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Dr. Timothy Cripe of Nationwide Children’s Hospital Appointed to a Committee of the Food and Drug Administration


Columbus, OH - 5/8/2012

Timothy Cripe, MD, PhD, chief of Hematology/Oncology/Bone Marrow Transplantation at Nationwide Children’s Hospital, was recently appointed a member of the Cellular, Tissue and Gene Therapy Advisory Committee which reports to the Food and Drug Administration (FDA).

This committee provides guidance to the FDA in approving novel cellular, tissue and gene therapy therapeutics and devices. In recent years, the committee reviewed applications for the new cancer immunotherapy Sipuleucel-T (Provenge) and the first licensed cord blood product, HEMACORD. The committee is also charged with reviewing applications that use embryonic stem cells or other cellular therapies.

Such committees of the FDA are established to provide functions which support its mission of protecting and promoting the public health, while meeting the requirements set forth in the Federal Advisory Committee Act. The FDA has 32 Advisory Committees across all Centers which are subject to renewal at two-year intervals unless the committee charter states otherwise. They are advisory in nature with the FDA making final decisions.

Dr. Cripe recently came to Nationwide Children’s from Cincinnati Children’s Hospital Medical Center where he served as medical co-director in Clinical and Translational Research and was the founding director of the Comprehensive Musculoskeletal Tumor Program. During his stint at Cincinnati, he was a professor of Pediatrics and Director of Pilot and Collaborative Studies in the Center for Clinical and Translational Science and Training.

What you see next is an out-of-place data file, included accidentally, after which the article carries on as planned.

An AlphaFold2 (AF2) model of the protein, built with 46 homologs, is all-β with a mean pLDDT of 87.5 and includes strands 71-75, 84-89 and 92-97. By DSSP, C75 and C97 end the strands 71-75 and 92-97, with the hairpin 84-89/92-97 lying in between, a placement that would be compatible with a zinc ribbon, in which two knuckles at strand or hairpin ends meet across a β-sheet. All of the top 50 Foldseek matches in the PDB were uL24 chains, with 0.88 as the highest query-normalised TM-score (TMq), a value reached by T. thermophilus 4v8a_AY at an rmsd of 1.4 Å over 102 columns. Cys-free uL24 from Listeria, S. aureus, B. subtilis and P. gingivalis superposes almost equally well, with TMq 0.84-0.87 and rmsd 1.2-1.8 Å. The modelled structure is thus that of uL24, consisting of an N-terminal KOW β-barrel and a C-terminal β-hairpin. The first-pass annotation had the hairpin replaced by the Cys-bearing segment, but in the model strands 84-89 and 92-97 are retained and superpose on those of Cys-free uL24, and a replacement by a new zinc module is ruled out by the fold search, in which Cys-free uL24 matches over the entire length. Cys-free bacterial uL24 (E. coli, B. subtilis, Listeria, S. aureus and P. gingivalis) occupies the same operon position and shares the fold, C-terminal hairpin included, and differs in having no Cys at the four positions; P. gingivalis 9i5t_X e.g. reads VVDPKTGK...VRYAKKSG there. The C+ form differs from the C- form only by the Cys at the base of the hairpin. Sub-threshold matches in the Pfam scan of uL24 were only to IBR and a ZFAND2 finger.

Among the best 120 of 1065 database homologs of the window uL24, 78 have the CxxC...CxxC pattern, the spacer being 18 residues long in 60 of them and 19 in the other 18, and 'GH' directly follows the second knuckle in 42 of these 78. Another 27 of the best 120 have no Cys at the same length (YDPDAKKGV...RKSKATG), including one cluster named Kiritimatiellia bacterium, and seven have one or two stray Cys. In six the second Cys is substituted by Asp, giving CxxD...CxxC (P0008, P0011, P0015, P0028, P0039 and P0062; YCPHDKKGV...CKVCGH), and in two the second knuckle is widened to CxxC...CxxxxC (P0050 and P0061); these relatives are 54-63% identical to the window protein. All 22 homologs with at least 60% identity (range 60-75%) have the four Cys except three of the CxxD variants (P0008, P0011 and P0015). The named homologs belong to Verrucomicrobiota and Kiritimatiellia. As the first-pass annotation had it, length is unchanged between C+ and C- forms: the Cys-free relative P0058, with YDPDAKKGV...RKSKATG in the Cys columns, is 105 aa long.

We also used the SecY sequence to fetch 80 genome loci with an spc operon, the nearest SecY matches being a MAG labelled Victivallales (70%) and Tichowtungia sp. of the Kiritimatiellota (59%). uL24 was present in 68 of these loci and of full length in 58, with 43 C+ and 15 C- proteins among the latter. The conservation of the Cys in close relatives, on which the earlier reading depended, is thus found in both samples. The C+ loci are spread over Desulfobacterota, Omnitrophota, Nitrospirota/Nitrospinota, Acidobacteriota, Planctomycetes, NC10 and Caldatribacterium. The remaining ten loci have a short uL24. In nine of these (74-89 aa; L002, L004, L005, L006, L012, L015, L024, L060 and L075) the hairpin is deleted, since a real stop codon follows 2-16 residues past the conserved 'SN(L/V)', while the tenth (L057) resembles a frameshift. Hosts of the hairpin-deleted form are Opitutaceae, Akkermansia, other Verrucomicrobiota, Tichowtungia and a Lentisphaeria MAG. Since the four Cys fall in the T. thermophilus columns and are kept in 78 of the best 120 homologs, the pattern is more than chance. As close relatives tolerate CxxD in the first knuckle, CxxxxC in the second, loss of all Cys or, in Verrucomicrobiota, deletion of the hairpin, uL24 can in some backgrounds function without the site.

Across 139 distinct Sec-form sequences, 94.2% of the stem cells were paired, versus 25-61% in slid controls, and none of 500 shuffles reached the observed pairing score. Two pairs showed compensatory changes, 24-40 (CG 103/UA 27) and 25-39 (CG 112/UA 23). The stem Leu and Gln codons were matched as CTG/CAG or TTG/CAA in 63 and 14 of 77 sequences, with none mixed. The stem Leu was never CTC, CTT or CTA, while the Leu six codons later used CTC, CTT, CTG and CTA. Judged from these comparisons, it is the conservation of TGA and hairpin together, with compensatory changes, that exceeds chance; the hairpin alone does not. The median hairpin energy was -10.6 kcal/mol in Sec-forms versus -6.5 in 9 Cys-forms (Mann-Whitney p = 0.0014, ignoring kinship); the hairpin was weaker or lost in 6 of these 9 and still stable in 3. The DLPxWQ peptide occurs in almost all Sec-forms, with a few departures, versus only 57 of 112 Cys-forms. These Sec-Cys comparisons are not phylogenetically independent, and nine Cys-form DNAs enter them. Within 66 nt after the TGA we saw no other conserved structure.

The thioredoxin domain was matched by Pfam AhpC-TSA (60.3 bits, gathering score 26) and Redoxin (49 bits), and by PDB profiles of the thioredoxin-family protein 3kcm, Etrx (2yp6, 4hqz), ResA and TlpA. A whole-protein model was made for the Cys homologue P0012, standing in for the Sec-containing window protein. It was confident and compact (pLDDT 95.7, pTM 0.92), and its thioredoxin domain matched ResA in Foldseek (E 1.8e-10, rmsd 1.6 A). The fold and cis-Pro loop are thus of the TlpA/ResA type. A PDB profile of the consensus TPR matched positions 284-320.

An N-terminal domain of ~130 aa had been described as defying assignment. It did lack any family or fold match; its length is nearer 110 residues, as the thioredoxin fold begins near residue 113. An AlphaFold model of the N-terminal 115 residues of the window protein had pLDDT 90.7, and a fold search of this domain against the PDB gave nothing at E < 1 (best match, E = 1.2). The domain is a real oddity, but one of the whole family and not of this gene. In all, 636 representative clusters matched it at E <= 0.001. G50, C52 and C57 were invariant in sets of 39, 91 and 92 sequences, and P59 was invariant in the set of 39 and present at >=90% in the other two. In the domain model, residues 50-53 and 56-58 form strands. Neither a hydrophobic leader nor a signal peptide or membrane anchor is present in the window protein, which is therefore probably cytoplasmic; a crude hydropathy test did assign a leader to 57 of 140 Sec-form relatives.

His clinical interests include gene and viral therapies for solid tumors in children, including brain tumorsneuroblastoma and bone and soft tissue sarcomas. Dr. Cripe’s current research focuses on developing and testing new, targeted therapies for pediatric solid tumors and translating those findings into clinical studies. He also investigates the use of viruses that selectively infect and kill cancer cells, studies their utility for killing cancer stem cells, and was among the first in the country to launch clinical trials of attenuated viruses in children.

Dr. Cripe is a magna cum laude graduate of Princeton University and completed his MD, PhD in genetics and pediatric residency training at the University of Iowa. He was a fellow in pediatric hematology/oncology at the Children’s Hospital and the Dana-Farber Cancer Institute in Boston, and at the Children’s Hospital and University of Colorado Health Sciences Center in Denver. 

Following his subspecialty training, he was an assistant professor of Pediatrics at the University of Wisconsin Children’s Hospital and Comprehensive Cancer Center in Madison and was the pediatric medical director of the UW/American Red Cross Hemophilia Treatment Center.

NOTE TO EDITOR:  Dr. Cripe is a resident of Dublin 43017.

Dr. Timothy Cripe, chief of Hematology/Oncology/Bone Marrow Transplantation

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